The Pharmaceutics and Compounding Laboratory
Lozenges and Medication Sticks

Medication Sticks

Medication SticksSticks are an easily transportable and convenient dosage form for administering topical medications. They can be compounded in different sizes and shapes for application to different areas of the body. They can be applied directly to the affected site of the body for local activity. Or they can be applied to different epidermal sites if systemic activity is desired. Epidermal penetration enhancers can be added to the formulation to promote this later use. Local anesthetics, sunscreens, oncology drugs, antivirals, and antibiotics have all be administered by medication sticks.

Sticks get their consistency from a combination of waxes, polymers, resins, and in some cases from drug solids fused into a firm mass. Waxes, polymers, oils, and gels (or combinations of these) that will soften at body temperature and allow the formulation to be evenly spread over the affected area are called soft sticks. These sticks are either clear or opaque depending on the base used in the formulation. When applied to the skin, they leave no visible residue. Soft clear sticks contain sodium stearate, glycerin, and/or propylene glycol in their base. Soft opaque stick bases may contain petrolatum, cocoa butter, and polyethylene glycol (PEG).

Hard sticks are made of crystalline powders that are either fused together by heat or held together with a binder. The stick must be moistened to be "activated." When it is wetted, a concentrated solution of the drug forms on the wetted part of the stick and the solution is transferred when the stick is touched to the affected area. The crystalline powder in the stick may leave a white residue on the skin. The prime example of a hard stick is a styptic pencil.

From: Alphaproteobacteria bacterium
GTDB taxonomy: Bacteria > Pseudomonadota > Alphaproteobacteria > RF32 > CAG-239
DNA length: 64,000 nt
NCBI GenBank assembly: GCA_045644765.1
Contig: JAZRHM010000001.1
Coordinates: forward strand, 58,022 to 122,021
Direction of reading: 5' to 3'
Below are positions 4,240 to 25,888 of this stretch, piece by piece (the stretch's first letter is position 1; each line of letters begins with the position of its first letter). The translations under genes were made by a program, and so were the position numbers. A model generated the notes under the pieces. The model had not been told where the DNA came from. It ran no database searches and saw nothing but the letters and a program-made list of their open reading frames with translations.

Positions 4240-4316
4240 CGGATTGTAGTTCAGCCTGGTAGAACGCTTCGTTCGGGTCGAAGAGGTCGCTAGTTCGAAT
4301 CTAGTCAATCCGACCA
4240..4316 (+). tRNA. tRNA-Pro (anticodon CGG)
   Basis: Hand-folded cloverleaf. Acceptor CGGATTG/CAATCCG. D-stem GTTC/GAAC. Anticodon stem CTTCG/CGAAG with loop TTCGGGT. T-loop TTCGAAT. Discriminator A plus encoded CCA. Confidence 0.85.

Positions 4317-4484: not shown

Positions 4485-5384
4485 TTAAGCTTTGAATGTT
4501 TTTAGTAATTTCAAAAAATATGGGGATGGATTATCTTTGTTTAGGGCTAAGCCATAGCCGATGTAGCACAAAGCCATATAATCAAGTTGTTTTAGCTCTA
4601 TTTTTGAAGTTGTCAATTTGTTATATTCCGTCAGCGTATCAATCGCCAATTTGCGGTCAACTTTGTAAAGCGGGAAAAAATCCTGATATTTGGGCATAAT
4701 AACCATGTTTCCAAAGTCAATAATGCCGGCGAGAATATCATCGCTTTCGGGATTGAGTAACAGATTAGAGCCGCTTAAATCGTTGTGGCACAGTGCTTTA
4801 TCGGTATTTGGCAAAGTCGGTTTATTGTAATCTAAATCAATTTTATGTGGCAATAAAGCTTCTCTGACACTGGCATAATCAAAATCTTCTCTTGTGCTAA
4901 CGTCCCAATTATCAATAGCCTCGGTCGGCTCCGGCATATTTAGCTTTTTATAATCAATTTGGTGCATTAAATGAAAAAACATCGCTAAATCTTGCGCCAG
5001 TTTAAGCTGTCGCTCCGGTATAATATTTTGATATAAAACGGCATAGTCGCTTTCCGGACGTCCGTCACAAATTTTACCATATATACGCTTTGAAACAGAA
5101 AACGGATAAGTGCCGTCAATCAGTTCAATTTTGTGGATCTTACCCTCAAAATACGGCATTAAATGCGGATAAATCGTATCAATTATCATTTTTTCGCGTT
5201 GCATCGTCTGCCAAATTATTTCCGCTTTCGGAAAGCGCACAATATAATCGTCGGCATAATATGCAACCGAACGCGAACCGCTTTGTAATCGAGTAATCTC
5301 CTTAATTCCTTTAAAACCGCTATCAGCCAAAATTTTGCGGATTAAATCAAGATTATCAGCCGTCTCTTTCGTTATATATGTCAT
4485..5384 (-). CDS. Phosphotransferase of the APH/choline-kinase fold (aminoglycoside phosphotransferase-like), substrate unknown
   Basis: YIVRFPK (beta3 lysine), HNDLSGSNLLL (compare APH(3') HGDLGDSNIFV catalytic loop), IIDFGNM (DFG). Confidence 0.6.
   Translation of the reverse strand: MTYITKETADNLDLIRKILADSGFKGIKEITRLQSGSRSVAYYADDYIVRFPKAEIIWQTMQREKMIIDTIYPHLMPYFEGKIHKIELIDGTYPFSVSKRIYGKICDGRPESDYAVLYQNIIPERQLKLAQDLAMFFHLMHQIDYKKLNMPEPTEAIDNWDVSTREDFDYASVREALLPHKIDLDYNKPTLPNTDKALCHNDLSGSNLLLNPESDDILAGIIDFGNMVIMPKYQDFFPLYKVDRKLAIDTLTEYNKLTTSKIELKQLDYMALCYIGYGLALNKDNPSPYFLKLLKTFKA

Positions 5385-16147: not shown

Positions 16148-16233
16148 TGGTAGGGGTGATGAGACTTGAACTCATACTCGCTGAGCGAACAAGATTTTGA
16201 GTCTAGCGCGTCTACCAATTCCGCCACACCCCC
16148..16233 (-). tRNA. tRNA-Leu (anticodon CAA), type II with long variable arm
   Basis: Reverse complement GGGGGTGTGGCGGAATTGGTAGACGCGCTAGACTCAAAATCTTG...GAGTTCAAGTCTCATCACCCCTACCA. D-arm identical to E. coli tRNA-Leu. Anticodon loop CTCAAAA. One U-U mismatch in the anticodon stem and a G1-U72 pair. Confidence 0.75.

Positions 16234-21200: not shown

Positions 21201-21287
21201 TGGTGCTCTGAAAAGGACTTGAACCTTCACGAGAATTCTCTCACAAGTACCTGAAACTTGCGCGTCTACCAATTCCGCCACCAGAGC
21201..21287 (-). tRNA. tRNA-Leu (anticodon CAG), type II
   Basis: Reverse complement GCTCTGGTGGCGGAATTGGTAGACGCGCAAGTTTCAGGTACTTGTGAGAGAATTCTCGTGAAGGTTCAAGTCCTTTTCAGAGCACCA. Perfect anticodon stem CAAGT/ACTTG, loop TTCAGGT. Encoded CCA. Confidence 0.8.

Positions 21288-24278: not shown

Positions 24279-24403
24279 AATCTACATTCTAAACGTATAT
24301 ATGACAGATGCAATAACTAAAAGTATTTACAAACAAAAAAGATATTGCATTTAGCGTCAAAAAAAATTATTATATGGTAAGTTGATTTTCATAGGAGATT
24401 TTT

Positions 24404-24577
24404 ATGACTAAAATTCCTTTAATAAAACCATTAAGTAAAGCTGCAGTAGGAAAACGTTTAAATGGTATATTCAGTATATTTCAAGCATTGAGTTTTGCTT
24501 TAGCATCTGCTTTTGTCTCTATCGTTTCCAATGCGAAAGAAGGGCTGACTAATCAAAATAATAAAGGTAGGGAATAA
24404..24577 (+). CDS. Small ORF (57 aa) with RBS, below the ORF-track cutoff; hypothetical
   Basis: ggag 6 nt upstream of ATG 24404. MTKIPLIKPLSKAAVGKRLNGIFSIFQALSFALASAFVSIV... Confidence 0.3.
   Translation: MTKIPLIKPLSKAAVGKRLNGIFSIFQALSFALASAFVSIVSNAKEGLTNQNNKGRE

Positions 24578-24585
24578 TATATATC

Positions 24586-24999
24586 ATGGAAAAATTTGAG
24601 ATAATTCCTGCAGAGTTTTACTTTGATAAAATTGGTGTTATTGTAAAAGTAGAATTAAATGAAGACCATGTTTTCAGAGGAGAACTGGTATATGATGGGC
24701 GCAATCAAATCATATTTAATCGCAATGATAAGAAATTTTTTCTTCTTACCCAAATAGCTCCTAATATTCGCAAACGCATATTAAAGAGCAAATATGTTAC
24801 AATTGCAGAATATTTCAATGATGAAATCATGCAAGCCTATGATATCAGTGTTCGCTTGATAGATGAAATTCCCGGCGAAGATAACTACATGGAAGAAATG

Soft stick consistency is determined by the blend of high and low melting point ingredients used as the base. Some common substances used in base formulations and their melting points are given in the table below. Sometimes additional high melting point ingredients are added to "stiffen" (i.e., make more solid) some bases. There are several "stiffening agents" that can be used for this purpose.

Ingredient Melting Point (C)
Carnauba wax 81 - 86
Cetyl alcohol 45 - 50
Cetyl esters wax 43 - 47
Cholesterol 147 - 150
Cocoa butter 30 - 35
Glyceryl monostearate 55
Stearic acid 69 - 70
Stearyl alcohol 55 - 60
White wax (Beeswax, white and yellow) 62 - 65
PEG 1500 44 - 48
PEG 3350 54 - 58
PEG 6000

58 - 63

Additional substances used in stick bases include paraffin, castor oil, corn oil, cottonseed oil, oleic oil, peanut oil, soybean oil, and PEG 300 and 400. Adding lubricants will minimize the coherence of the waxes and improve spreadability. Vitamins A and E can be added to enhance emollient and skin care effects. Zinc oxide and p-amino benzoic acid (PABA) could be added to the stick as sun blocks.

When combining materials that have a range of melting points, it is best to melt the material with the highest melting point first, and then melt the material with the second highest melting point second, and so forth. As each new ingredient is added to the melt, the temperature can be reduced. This will prevent over heating the lower melting point ingredients.